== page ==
This ABI Insight identifies the impact of the macroeconomic and geopolitical environment on the shared micro-mobility industry and provides strategies to navigate the market successfully.
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How Is the Macro Environment Affecting Shared Micro-Mobility Operators?
The bottleneck in logistics centers, congestion in ports, low capacity, and shortage in components have resulted in a high lead time for shared micro-mobility vehicle orders in late 2021. The COVID-19 lockdowns in China have since exacerbated the problem because most leading operators, including Dott, Tier, Lime, Voi, Bird, and Spin, rely on the Chinese manufacturers Okai and Segway-Ninebot, which are facing major supply chain and shipping disruptions.
Additionally, recession fears and spiking inflation in nearly all countries will result in a scarcity of capital and funding in the upcoming quarters, which is worrying, given that only a handful of companies have achieved profitability so far. On the positive side, higher gas prices will likely increase shared micro-mobility ridership demand.
Shared micro-mobility operators have a tough road ahead, including the need to downsize/restructure, consolidations, and slower growth rates. However, those that are quick to understand and prepare for the impact of the challenges ahead will be able to navigate the market successfully and unleash the potential of a market worth US$9 billion in ride revenue in 2030 (see ABI Research’s Improving Efficiency and Profitability of Shared Micro-Mobility Operators report (AN-5544) for more details).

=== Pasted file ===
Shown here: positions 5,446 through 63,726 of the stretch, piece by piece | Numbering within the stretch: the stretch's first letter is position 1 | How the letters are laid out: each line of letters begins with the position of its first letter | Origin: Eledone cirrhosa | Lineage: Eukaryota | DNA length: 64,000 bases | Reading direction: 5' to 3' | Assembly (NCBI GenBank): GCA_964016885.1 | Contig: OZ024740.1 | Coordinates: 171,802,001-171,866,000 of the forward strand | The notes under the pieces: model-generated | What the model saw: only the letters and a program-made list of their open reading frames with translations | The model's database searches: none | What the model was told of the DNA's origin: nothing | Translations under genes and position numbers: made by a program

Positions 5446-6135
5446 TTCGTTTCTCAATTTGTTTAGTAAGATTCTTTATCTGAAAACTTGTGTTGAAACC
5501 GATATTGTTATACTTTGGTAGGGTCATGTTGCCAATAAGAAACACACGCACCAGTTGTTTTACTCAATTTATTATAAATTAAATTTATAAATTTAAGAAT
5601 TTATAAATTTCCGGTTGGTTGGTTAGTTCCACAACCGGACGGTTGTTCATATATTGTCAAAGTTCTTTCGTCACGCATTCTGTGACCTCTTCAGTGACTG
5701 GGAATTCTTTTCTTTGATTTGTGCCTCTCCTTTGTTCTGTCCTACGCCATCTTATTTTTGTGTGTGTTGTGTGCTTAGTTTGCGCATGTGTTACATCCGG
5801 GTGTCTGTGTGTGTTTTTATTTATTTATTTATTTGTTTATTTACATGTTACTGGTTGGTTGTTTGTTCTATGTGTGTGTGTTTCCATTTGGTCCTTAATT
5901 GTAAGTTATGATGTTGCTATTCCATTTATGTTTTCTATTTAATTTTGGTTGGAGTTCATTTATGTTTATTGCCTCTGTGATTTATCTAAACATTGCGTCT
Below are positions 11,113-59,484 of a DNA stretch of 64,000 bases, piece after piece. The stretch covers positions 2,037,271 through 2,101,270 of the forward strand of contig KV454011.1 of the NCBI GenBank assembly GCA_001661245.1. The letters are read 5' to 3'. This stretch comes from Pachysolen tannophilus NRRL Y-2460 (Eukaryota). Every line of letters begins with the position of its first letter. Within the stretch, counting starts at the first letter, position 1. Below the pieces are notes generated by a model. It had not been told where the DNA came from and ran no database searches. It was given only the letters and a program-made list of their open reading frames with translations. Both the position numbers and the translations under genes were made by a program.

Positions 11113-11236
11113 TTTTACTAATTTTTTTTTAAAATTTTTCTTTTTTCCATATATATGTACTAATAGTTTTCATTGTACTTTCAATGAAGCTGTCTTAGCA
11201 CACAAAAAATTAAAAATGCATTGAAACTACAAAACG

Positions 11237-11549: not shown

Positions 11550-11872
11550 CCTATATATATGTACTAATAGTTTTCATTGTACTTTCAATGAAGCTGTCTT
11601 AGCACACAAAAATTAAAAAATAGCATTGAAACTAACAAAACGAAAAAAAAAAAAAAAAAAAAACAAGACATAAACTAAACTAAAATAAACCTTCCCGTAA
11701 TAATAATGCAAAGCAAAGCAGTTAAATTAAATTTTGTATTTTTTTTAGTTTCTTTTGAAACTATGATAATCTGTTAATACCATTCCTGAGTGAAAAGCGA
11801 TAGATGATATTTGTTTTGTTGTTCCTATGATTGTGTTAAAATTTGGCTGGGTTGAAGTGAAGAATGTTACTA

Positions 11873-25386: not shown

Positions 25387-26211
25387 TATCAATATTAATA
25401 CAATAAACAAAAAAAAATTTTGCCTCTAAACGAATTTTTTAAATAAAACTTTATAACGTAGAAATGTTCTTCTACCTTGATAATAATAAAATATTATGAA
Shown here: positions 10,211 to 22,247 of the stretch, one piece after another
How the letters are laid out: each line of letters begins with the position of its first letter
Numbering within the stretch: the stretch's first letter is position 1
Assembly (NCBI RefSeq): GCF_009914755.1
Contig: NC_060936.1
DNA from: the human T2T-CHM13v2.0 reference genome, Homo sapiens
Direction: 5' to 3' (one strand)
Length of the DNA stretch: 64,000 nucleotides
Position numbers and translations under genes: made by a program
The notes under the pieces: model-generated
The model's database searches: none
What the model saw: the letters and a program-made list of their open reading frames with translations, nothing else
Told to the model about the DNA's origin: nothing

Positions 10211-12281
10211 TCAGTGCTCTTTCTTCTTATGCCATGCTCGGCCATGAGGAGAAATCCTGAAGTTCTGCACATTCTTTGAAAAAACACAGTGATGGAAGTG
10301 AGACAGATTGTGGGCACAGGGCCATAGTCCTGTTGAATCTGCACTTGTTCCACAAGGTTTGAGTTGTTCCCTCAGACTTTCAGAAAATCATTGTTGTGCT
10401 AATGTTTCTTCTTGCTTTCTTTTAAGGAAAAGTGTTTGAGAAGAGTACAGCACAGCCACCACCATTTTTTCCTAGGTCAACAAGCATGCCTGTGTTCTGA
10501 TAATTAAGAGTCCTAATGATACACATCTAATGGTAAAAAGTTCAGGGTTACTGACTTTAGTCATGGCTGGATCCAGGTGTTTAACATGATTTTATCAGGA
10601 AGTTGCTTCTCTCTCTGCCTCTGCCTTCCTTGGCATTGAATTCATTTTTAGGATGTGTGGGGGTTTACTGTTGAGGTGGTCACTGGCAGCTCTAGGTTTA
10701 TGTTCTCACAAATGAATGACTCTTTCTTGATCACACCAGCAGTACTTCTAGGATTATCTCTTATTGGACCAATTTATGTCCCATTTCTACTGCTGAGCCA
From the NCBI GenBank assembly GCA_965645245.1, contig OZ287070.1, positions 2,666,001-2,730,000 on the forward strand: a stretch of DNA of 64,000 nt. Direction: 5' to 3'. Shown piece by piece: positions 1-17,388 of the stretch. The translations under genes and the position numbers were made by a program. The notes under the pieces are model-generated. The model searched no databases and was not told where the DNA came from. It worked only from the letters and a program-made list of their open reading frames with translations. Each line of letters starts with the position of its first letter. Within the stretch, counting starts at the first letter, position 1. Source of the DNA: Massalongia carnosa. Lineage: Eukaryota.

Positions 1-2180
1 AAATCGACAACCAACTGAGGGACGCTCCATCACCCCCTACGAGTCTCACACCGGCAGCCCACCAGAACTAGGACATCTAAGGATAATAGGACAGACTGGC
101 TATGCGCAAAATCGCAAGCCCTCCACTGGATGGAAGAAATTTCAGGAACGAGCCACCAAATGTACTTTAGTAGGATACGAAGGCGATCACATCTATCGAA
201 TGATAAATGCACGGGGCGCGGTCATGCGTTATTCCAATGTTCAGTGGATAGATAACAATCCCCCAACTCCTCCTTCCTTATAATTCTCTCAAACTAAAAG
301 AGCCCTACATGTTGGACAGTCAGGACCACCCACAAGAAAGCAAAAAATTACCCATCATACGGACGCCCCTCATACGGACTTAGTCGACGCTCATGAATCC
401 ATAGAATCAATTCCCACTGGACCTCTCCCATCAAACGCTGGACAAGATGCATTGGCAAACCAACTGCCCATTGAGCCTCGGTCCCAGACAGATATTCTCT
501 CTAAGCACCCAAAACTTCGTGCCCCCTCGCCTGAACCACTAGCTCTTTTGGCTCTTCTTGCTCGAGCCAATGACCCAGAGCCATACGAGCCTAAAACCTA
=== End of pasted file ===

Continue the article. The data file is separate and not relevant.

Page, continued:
Implications of the Shared Micro-Mobility Industry
- High Lead Times/Insufficient Vehicle Production: Insufficient vehicle production will significantly affect the shared micro-mobility industry growth in 2022. While large operators increased vehicle inventory by late 2021, small players that could not place 2022 vehicle orders in advance due to low cash flow and market uncertainties are facing high lead times and will struggle to meet their fleet expansion targets. The shortage and high lead times will also affect current operations. Large operators with aging fleets may not be able to replace old vehicles, resulting in increased operational costs with vehicle maintenance and charging—as batteries degrade and become less effective over time—and inferior customer experiences. The COVID-19 lockdowns are causing an even greater impact on the industry because of the dependency on Chinese vehicle manufacturers, including Okai and Segway-Ninebot.